DIY #9: HOW WE MADE OUR OWN WALKWAY…

Well here we go! If you’ve been following my blog, (which you SHOULD of course!!! 🙂 ) you know that my family and I had a home built in the North Georgia mountains about 2 years ago. We had an awesome builder, however, he did not include a walkway that led from our driveway to the front door. For a while that had been fine, however, after a very rainy season, and the grass not quite growing in yet, the water began to wash the dirt from the mountain onto our “rock” walkway. Of course, this meant that my kids, my dog and everyone else that came over were dragging mud or dirt ALL over the house!!! Uuuggghhh!!! We immediately contacted our builder who gave us a price ($3000-$3500) to complete the task. Though this seemed to be a bit steep, we set up a budget, a date and were excited to get underway.  Unfortunately, we waited, and waited and waited to no avail. DOUBLE UUUGGGGHHH!!!! Sooooo, I sat with a couple girlfriends one afternoon, and during our “girl talk” (if you could ever imagine) we discussed the idea and the “ease” of using pavers to create a beautiful walkway. “THAT’S IT!!!!!” I thought!!! I could go to Home Depot and price out some super pavers and as always… DO IT MYSELF!!!!

Though Home Depot offered an amazing variety of paver options, I counted up the cost, and it was waaaaaaaay too high. So, after searching on Amazon, I found the Quikrete Brick Walk Maker!!! It was PERFECT!!! Now this was something I could do! Use the molding to create a pathway!!! I ordered the mold for $24.99 and while waiting the couple days it took to get here, I looked on YouTube and studied the materials I needed and created a configuration that would work best for us. Simple right????? UUUMMMM…. NOT QUITE!!! Considering the area we had to cover, this was quite an adventure, and after 3 months, our walkway is finally complete. While we are certainly LOVING the results, I decided to put this blog together to help guide you through our personal process to help avoid the bumps along the way. Here are the 3 steps we took:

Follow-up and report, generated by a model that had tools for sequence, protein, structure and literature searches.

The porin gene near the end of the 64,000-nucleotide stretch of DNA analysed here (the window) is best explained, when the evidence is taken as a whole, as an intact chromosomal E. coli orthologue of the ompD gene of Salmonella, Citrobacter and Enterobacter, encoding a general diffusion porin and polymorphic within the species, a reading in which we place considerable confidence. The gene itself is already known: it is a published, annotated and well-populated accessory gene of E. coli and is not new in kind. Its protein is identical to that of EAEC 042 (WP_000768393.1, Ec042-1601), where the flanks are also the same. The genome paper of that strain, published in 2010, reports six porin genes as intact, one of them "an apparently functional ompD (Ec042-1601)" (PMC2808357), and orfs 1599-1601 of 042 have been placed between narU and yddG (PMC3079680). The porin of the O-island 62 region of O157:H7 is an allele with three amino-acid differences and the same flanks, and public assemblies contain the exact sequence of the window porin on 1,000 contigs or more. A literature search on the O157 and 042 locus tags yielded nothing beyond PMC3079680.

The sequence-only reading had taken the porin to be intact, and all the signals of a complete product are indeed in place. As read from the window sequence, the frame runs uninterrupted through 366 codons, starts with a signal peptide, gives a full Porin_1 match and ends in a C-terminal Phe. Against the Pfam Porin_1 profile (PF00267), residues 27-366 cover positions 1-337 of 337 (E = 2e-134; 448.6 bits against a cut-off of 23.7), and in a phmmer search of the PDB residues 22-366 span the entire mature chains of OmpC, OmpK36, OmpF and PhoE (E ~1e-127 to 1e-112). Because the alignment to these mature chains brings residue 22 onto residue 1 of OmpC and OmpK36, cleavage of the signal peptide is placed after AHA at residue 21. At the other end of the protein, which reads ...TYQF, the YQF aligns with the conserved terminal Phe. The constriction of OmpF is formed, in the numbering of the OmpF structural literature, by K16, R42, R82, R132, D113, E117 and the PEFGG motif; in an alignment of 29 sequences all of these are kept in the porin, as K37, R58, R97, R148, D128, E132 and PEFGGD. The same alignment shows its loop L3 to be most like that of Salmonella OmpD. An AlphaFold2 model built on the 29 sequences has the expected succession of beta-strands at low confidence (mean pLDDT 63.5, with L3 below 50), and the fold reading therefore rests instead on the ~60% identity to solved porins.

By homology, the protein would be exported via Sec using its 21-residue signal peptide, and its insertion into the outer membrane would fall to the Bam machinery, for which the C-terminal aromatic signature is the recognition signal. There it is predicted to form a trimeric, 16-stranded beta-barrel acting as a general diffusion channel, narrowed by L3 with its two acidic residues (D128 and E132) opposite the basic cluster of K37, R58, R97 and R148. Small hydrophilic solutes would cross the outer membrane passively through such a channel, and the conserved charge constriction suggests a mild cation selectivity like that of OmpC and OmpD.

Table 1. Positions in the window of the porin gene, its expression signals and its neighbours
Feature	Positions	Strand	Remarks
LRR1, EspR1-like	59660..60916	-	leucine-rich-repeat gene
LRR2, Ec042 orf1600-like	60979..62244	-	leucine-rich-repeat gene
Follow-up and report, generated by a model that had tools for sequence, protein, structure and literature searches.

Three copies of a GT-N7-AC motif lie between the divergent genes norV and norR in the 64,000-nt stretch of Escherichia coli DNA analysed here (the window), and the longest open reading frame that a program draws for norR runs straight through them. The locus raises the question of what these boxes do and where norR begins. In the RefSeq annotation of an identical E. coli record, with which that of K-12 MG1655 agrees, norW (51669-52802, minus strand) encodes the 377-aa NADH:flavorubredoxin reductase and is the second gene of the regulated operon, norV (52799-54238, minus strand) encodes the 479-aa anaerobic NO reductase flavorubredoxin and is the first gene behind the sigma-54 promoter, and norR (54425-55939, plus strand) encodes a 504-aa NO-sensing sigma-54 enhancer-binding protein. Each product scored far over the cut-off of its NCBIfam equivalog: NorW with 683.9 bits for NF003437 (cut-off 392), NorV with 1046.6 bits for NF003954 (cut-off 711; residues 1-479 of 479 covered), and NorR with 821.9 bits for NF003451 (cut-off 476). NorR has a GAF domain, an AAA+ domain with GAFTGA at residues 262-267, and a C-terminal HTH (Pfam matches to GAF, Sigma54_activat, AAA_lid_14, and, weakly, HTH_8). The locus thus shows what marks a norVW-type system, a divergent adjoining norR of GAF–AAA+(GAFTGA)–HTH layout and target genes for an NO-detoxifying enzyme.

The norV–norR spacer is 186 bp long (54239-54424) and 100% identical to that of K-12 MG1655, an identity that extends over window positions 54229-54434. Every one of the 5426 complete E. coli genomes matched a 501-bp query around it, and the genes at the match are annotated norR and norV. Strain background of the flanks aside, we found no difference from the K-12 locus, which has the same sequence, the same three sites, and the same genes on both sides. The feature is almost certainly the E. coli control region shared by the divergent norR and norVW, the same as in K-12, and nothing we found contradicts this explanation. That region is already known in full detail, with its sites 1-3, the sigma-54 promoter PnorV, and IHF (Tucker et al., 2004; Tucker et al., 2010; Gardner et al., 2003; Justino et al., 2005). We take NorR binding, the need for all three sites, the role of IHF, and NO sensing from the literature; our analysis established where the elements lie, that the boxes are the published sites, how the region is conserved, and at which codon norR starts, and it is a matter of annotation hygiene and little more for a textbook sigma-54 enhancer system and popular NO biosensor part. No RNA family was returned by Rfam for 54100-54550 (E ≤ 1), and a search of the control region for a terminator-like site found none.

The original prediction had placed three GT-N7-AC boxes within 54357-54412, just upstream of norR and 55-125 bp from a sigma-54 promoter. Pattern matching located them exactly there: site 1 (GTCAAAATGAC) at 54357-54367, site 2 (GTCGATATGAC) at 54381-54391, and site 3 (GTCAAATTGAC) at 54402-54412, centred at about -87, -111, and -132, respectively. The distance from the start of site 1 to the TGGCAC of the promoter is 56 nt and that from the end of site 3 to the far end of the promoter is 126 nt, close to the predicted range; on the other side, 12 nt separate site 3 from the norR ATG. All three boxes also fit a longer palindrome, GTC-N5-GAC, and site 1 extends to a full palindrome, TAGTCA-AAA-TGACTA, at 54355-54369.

1. The first step was to use the mold to create the bricks. We used a 60lb bag of quikrete. I bought an $8 mixing tub for mixing and an $8 trowel to level the mix and of course kept my hose very close to make the necessary consistency. It would seem you should over fill the mold with mix in order to create a thick/strong brick. That is not true. Fill the mold, but don’t over-stuff it. This will make the top of the brick uneven. Some people rent a concrete mixer for this part. Though that would come in SUPER handy, we did it the old-fashioned way, with a shovel. Let each mixture set for 5-10 minutes and carefully remove the mold. We proceeded to mix the next bag of concrete while the current one was setting. That helped keep the pace going smoothly. Repeat this process for each brick. Be sure to line the mold next to the prior brick in order to accomplish a patterned walk. Don’t be afraid to add curves as long as the distance isn’t too far from the adjoining brick.

2.  Once you have designed your configured path or patio, you can prepare to prime and stain your bricks. I love this part of the project, because there is a super selection of colors and shades you can select from. Go to the paint/stain section of your local Home Depot to choose the color that works best for your space. Many people add dye to the bricks while mixing the concrete. I like staining afterwards because it is MUCH more cost effective and gives you a greater selection. The prime and stain manufacturers advise you to wait 30 days until your concrete has cured before starting this process. We didn’t quite wait the full 30 days, but perhaps at least 15 worked for us. We primed first and stained it a charcoal color one day later. The prime goes on easy. I used a paint brush, but you can use a roller as well. You really can’t mess this part up, so enjoy this opportunity to be creative.

3.  Finally, once the stain is the shade/tint you like, you can add the SAKRETE PermaSand for a “grout” effect. We found this item at Home Depot as well, however, it was quite costly at $20 per container. Because we had so many bricks to fill, I could have easily used 8-10 of these. However, I decided to buy Quikrete sand topping mix for the bottom portion as a filler. I poured the sand in the grooves of the bricks to about half way. And THEN added the Permasand as a sealer on the top portion. I then swept it into the cracks. The directions will tell you to use a leaf blower to remove all excess sand from the surface. We did that and lightly watered the sand and watched it harden. This was a great part of the process because you can see the contrast of the grout and the color of the bricks. It is a great signal that the project is almost complete.